Brampton community mourns Ethiopian Airlines crash victims at vigil
'I’m hoping all the prayers from the community, that is going to help me,' family member says
Brampton residents offered each other tissues and prayers as they mourned the loss of six community members who died in the Ethiopian Airlines crash.
Over 100 people gathered at Brampton City Hall for a vigil in memory of the victims on Sunday, three weeks after the crash that killed 157 people on board.
"I don't know how I'm going to cope. Just think about like, if you've got a roof and the roof goes away, what is going to happen?" Manant Vaidya told CBC Toronto at the vigil for his family members.
"That is currently my state — but I'm hoping all the prayers from the community, that is going to help me."
Vaidya's parents, Pannagesh Vaidya, 73, and his mother Hansini Vaidya, 67, his sister Kosha Vaidya, 37, and brother-in-law Prerit Dixit, 45, and his teenage nieces, Anushka and Ashka Dixit, died in the crash.
All died shortly after they boarded the flight from Addis Ababa, Ethiopia to Nairobi, Kenya for a family vacation over spring break.
During the vigil, community members placed bouquets, cards and stuffed animals on a table, alongside framed photographs of the Vaidya and Dixit family.
Friends and family held a moment of silence for the victims.
They also took turns sharing memories of the six Brampton residents at the microphone.
Vaidya said he felt relief that his family's former classmates and coworkers had the opportunity to commemorate the victims.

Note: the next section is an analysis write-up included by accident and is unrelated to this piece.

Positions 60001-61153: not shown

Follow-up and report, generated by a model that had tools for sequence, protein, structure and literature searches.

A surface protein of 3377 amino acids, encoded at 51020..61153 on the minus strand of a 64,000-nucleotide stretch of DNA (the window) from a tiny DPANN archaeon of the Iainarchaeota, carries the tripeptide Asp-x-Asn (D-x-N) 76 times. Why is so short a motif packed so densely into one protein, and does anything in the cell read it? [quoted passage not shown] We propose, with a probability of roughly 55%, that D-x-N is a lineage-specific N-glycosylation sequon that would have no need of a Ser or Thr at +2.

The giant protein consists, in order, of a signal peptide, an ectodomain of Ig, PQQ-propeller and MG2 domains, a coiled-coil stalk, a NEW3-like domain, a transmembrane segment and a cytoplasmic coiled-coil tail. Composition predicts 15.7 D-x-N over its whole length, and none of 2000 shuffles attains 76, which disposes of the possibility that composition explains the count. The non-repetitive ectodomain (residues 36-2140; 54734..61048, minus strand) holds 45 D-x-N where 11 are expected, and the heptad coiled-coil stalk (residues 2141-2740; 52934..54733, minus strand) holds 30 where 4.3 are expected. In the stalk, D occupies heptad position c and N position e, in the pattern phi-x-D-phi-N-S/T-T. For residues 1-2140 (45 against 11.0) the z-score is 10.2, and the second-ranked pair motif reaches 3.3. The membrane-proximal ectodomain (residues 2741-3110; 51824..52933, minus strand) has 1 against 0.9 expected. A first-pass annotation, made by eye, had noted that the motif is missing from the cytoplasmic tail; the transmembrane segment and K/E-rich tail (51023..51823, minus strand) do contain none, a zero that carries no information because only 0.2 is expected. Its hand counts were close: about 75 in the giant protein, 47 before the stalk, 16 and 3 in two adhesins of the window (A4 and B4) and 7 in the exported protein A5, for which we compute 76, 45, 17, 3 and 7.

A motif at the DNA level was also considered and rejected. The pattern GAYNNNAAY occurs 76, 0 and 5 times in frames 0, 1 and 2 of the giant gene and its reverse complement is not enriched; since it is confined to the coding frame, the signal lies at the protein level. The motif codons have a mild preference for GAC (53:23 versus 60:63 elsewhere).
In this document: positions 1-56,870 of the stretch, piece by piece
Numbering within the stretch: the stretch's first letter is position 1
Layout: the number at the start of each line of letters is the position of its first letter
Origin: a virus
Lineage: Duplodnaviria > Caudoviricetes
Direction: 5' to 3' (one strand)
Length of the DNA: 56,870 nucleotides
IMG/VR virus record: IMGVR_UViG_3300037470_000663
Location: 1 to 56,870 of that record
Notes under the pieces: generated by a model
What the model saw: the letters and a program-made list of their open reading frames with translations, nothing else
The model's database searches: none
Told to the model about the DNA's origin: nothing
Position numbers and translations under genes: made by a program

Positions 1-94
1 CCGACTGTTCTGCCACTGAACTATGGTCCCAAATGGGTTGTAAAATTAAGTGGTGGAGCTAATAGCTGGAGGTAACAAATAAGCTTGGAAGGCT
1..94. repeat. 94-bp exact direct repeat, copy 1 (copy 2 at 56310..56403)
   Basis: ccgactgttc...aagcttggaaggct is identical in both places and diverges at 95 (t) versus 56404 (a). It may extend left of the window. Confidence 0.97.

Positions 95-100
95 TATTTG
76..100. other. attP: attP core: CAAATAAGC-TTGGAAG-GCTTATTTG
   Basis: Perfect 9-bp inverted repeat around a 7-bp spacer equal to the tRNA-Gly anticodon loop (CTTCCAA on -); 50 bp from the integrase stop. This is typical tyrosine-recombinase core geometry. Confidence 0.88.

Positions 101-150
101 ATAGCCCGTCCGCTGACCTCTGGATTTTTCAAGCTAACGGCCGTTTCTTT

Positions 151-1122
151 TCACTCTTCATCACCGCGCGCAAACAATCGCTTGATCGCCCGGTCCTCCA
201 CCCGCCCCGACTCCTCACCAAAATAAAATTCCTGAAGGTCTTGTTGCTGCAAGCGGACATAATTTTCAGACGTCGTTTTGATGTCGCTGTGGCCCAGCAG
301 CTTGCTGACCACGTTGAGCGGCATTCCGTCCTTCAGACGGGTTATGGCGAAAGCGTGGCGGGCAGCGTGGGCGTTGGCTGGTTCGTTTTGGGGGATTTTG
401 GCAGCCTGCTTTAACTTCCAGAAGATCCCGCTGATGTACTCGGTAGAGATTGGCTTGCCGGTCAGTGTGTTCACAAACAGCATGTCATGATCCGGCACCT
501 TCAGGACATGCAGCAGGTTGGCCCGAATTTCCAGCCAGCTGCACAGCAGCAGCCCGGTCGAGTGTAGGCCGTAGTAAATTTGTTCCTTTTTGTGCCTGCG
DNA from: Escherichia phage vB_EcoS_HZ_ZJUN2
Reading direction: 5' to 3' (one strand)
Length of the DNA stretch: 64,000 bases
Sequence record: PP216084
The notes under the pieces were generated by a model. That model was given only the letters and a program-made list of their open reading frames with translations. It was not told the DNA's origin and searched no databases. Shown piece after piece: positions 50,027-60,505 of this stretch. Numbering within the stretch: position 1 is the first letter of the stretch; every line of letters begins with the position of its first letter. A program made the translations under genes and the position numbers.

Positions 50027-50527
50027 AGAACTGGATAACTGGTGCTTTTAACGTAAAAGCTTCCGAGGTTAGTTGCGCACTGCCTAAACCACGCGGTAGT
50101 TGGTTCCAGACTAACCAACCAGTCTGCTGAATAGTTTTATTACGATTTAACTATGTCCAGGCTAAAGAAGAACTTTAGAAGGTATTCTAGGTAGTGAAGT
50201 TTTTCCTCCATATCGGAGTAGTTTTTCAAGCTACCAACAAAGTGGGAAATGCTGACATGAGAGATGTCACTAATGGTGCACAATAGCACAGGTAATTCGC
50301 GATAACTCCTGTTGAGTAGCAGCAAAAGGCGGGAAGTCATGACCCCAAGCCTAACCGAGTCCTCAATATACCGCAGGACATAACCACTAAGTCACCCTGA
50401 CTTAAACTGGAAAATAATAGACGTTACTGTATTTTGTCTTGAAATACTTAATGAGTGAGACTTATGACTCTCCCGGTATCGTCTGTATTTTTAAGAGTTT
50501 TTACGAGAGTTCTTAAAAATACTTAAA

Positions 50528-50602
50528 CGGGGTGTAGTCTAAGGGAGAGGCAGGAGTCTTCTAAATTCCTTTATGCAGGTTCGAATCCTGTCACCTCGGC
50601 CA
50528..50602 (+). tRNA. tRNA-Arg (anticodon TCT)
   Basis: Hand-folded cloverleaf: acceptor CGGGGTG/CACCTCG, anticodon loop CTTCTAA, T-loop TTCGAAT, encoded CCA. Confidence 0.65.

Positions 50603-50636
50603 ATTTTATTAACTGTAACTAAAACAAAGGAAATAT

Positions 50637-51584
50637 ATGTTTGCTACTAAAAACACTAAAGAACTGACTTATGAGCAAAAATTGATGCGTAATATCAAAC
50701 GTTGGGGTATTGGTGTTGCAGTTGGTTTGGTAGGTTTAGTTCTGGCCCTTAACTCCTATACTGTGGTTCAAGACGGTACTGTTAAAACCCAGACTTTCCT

His daughter Manasvi Vaidya, 15, spoke about playing cards and hanging out with her two cousins days before they left for their trip. She described March 10, 2019, the day of the crash, as the hardest day of her family's life.
"I'm very grateful for all the support my family's getting. It's really nice to know that there's a lot of people who cared about them." she told CBC Toronto.
'We can't ever see them again'
The 15-year-old said she hopes her cousins are remembered as loving and talented people, adding that Anushka would have become the greatest scientist and Ashka would have become the greatest singer.
"Now that they're gone, it's really heartbreaking to know that we can't ever see them again but I know that they're in a better place now," she added.
Brampton city officials, including Mayor Patrick Brown also paid their respects.
Brown told attendees the city wanted to hold a vigil at city hall "for an opportunity for collective grief."